The day began at Sandy Point State Park in Annapolis, Maryland, where Lance Hinrichs, the Vice President of CRAB’s board of directors introduced the organization’s mission. He spoke about the spinal injury that led to his own disability, and how sailing can be made into an adaptive sport for fun and active recreation for all.

Scholars from Azerbaijan, Egypt, Armenia, and Turkey come back from a successful trip on the water

Scholars from Azerbaijan, Egypt, Armenia, and Turkey come back from a successful trip on the water

Scholars then got into sailboats with CRAB participants and volunteers and set out on the Chesapeake Bay! For many scholars, this was their first experience sailing, and the event was particularly special in honoring the 25th anniversary of the Americans with Disabilities Act. This hands-on learning about adaptive recreation was a wonderful way for scholars to engage with the community while trying a new sport.

Entire group with David Levin posing on the Marina, in front of CRAB’s sail boats

Entire group with David Levin posing on the Marina, in front of CRAB’s sail boats

Fulbright Scholars Give Back at the Westside Food Bank

Scholars in California recently took the time to give back to their community and help the homeless. They began the day with a visit at the RAND Corporation, a nonprofit organization that researches topics relevant to public policy. For this program, they provided insight based on their research on homelessness and homeless populations in the United States, a relevant topic to the work of several scholars.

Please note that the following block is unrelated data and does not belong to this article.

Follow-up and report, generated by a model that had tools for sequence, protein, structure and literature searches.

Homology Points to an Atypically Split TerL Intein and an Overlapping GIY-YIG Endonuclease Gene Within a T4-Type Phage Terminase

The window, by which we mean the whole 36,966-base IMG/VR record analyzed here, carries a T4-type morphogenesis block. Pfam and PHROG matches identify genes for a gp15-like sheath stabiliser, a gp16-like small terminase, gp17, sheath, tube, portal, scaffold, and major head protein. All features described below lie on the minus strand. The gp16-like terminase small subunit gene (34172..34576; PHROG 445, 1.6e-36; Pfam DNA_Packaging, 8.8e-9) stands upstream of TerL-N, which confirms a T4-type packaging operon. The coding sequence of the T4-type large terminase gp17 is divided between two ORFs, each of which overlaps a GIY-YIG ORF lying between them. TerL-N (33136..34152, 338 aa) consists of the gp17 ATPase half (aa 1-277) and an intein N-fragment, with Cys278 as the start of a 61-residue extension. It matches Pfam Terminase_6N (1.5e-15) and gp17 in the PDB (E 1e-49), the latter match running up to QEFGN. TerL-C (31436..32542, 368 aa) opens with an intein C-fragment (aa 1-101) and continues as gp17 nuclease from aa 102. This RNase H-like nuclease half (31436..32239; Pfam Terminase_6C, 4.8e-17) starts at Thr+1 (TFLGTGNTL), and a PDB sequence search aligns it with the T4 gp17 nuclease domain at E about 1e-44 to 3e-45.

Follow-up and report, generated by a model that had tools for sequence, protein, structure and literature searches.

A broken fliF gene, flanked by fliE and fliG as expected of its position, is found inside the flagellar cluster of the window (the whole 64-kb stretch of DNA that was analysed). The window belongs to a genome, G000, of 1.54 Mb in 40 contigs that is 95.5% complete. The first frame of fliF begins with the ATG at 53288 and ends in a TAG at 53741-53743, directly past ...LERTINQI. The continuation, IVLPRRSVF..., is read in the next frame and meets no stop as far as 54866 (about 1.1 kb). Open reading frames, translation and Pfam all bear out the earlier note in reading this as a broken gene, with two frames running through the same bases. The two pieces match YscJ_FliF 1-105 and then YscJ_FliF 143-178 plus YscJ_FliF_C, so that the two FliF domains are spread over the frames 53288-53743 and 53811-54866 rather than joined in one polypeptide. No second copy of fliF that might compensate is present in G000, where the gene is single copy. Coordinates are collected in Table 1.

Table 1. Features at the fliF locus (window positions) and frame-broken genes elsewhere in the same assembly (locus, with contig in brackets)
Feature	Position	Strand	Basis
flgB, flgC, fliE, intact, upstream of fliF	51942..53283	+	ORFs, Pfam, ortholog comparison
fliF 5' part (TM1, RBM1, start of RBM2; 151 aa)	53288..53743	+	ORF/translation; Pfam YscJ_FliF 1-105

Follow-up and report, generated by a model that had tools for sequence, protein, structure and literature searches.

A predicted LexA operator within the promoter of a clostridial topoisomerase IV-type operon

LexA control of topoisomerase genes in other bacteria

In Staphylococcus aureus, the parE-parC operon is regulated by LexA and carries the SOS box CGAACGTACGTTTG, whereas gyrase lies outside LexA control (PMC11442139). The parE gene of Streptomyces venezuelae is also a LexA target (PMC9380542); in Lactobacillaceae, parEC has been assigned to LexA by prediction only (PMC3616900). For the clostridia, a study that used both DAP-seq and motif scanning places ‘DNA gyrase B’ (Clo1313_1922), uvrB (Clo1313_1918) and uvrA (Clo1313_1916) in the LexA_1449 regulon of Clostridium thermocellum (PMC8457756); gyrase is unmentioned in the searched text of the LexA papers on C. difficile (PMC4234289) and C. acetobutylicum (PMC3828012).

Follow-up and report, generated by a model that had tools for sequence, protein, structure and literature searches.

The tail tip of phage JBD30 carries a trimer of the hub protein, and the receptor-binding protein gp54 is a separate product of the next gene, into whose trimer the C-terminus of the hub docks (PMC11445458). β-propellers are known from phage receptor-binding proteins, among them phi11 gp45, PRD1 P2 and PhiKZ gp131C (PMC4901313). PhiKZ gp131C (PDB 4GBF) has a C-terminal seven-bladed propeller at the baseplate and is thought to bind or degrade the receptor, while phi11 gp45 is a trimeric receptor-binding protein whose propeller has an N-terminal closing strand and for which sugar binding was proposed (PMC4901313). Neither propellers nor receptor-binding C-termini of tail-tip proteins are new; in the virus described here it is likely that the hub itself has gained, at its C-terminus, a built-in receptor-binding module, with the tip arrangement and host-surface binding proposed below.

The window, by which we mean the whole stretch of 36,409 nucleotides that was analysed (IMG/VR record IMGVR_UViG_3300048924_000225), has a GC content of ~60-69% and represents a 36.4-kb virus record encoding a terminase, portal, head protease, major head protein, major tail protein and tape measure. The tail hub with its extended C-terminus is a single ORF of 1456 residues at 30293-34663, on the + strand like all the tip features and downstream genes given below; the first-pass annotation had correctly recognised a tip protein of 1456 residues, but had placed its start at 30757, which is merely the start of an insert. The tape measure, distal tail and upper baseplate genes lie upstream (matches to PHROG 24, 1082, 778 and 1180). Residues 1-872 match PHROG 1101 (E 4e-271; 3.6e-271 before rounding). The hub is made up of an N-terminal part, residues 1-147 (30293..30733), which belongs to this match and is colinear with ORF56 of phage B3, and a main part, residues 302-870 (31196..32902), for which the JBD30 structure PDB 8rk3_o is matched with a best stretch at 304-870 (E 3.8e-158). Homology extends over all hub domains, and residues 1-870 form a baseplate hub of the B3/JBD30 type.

A scholar responds to the RAND speakers

A scholar responds to the RAND speakers

Following this thoughtful briefing, scholars went to a Santa Monica homeless shelter to hear about their work at the shelter and with low income housing placements. The discussion was inspiring for scholars, who responded in turn with diligent efforts at their next location, the Westside Food Bank. Here, scholars assisted in boxing oranges for distribution, and left the event feeling that their actions had made a difference.

Sorting oranges at the Food Bank!

Sorting oranges at the Food Bank!

Ideas Bloom in D.C. at the Japanese Stone Lantern Ceremony

Springtime in D.C. means one thing for residents and tourists alike: cherry blossoms! These beautiful trees were a gift to the U.S. from the people of Japan as a symbol of friendship, and they bloom along the Tidal Basin every spring. A lesser known aspect of this historical gift was the Japanese Stone Lantern that later accompanied it. Standing at a monumental 8.5 feet tall, this lantern was carved in Japan nearly four thousand years ago during the Tokugawa period.

Once a year during the Cherry Blossom Festival, there is a ceremony to light the lantern, which scholars had the opportunity to attend. The ceremony is highlighted with music, including the American and Japanese national anthems, and a keynote by His Excellency Kenichiro Sasae, the Ambassador of Japan to the United States. The lantern was then lit by the Cherry Blossom Princess representing the Embassy of Japan.